The 6th International Italia Invita Forum of Textile Creativity was held in Parma, Italy from 10-12 May. I was lucky enough to be there for the whole three days. This is the first in a series of posts on what I saw there.
At one level Italia Invita is a Quilt and Craft Fair with suppliers from Italy, France, Spain and Germany. What makes it so much more than this is the fact many regional associations, specialist museums and Italian needlework schools have booths showcasing their traditional needlework and collections.
There were also two competitions with entries from Italy and some featured artists and displays. It covered two pavilions and was sensory overload and just wonderful.
Noriko Endo, a Japanese quilter, was a featured artist at Italia Invita. There were four of her works on display in an alcove in the first pavilion.
This display was not curated and so the only information available were the names of her quilts. In the end this turned out to be a positive as it meant I could look at her work in an unfettered way – without preconceptions about her technique, history or context in the quilting world.
…. and this is the first thing you saw as you walked through the turnstiles:
her quilt, Cherry Blossoms #3.
This quilt has a luminous quality which drew a continuous stream of people to it. It captures the intensity and exuberance of Spring but there’s also delicacy, restraint and stillness. Here’s a closer look:
The sakura or cherry blossom has a depth created by a layering of the flowers. There were also areas of colour in the surrounding space that suggested blunt brush strokes.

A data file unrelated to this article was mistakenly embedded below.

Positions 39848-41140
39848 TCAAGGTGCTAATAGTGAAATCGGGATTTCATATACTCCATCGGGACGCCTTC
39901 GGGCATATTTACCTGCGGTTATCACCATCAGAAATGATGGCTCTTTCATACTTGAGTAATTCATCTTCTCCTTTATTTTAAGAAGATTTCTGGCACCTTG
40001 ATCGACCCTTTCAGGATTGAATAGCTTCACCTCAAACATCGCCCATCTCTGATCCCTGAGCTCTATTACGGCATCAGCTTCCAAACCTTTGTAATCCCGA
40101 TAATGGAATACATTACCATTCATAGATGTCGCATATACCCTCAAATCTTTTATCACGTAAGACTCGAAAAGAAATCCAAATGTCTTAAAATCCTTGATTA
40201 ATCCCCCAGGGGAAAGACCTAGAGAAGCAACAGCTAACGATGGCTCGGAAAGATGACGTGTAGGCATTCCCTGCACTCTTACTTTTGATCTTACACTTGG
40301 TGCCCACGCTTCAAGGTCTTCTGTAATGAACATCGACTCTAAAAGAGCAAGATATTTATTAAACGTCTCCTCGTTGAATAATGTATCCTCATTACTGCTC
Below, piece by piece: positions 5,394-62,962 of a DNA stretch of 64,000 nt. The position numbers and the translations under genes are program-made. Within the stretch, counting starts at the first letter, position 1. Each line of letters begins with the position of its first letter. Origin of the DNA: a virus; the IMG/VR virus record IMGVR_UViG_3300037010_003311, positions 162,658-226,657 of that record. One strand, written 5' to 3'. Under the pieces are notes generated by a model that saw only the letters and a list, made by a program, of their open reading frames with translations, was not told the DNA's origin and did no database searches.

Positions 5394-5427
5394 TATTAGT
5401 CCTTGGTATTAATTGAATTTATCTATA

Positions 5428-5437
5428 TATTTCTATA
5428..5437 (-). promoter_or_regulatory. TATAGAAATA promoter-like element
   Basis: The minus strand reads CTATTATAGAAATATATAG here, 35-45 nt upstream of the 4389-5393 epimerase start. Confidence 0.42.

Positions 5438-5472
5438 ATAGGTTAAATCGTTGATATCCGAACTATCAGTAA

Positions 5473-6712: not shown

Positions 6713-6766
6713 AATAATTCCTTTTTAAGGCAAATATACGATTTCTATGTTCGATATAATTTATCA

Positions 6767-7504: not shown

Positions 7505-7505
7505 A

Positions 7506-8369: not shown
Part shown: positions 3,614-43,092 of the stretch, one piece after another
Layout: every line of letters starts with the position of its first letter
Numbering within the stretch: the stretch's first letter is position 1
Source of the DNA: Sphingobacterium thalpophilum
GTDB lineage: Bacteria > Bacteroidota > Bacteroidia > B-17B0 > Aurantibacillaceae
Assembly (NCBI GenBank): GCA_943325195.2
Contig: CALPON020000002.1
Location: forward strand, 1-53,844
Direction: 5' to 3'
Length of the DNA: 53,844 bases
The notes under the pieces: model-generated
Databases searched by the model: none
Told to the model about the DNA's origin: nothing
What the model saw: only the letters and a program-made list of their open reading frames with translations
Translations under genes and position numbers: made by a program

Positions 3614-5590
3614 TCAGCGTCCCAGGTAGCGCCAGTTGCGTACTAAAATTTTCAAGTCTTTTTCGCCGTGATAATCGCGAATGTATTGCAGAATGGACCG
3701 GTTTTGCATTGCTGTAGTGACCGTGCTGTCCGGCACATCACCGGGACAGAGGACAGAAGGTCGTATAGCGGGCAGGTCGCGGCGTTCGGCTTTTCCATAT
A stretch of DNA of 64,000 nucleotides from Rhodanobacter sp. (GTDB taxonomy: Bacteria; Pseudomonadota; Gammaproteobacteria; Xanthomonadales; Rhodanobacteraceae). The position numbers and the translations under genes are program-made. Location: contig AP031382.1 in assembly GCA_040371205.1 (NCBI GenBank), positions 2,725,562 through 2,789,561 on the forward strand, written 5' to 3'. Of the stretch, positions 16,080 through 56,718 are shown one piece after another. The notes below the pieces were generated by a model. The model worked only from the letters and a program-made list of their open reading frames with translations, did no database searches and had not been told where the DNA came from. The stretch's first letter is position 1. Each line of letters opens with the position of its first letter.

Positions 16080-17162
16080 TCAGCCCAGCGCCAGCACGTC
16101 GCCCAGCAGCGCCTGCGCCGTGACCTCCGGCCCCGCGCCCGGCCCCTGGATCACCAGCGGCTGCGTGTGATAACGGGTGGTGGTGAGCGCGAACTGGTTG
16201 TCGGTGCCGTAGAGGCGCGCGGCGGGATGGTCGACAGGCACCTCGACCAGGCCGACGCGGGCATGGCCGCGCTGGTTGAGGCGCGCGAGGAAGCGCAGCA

Here’s another of the quilts on display Sylvan Ambience
All four quilts were very thin. Looking at them closely (there were no rope barriers) suggested a painted surface which had then been densely covered in free motion quilting for texture. Machine embroidery usually in metallic threads was added to highlight features such as the tree trunks in the following details of birds in the quilt Guest Appearance
The painterly quality of the quilts turned out to be an illusion. When I came back to Canberra I did some research and discovered that Noriko Endo invented a quilting technique called Confetti Naturescapes. As the name suggests she creates the picture by cutting fabric into small pieces (some as small as matchsticks) or shapes (the cherry blossom flowers) and then laying these out in the elements of the image. These are overlaid with tulle and quilted. Several layers are built up to create the colour and complexity of the scenes in her quilts.
The fourth quilt in the Italia Invita show was a tour de force called Peony:
It had the added graphic element of the tree trunk and peonies in the foreground against the rich background of the raked stone garden and forest. The effect created was almost three dimensional. Peonies brought back memories of Kyoto and early morning visits to the stone garden of Ryoan-ji.
If you want to see more of her quilts Noriko Endo has a website with an extensive gallery.
She’s also published a book
which thanks to Jan H will soon be in the Guild’s library.
And while we’re on the subject of things Italian…..
Jeanine of the Italian Needlework blog has recently written about Valentina Sardu and her blackwork designs. If you’ve been looking for a fresh take on blackwork then it’s worth checking out Jeanine’s post and her link to Valentina’s on line shop.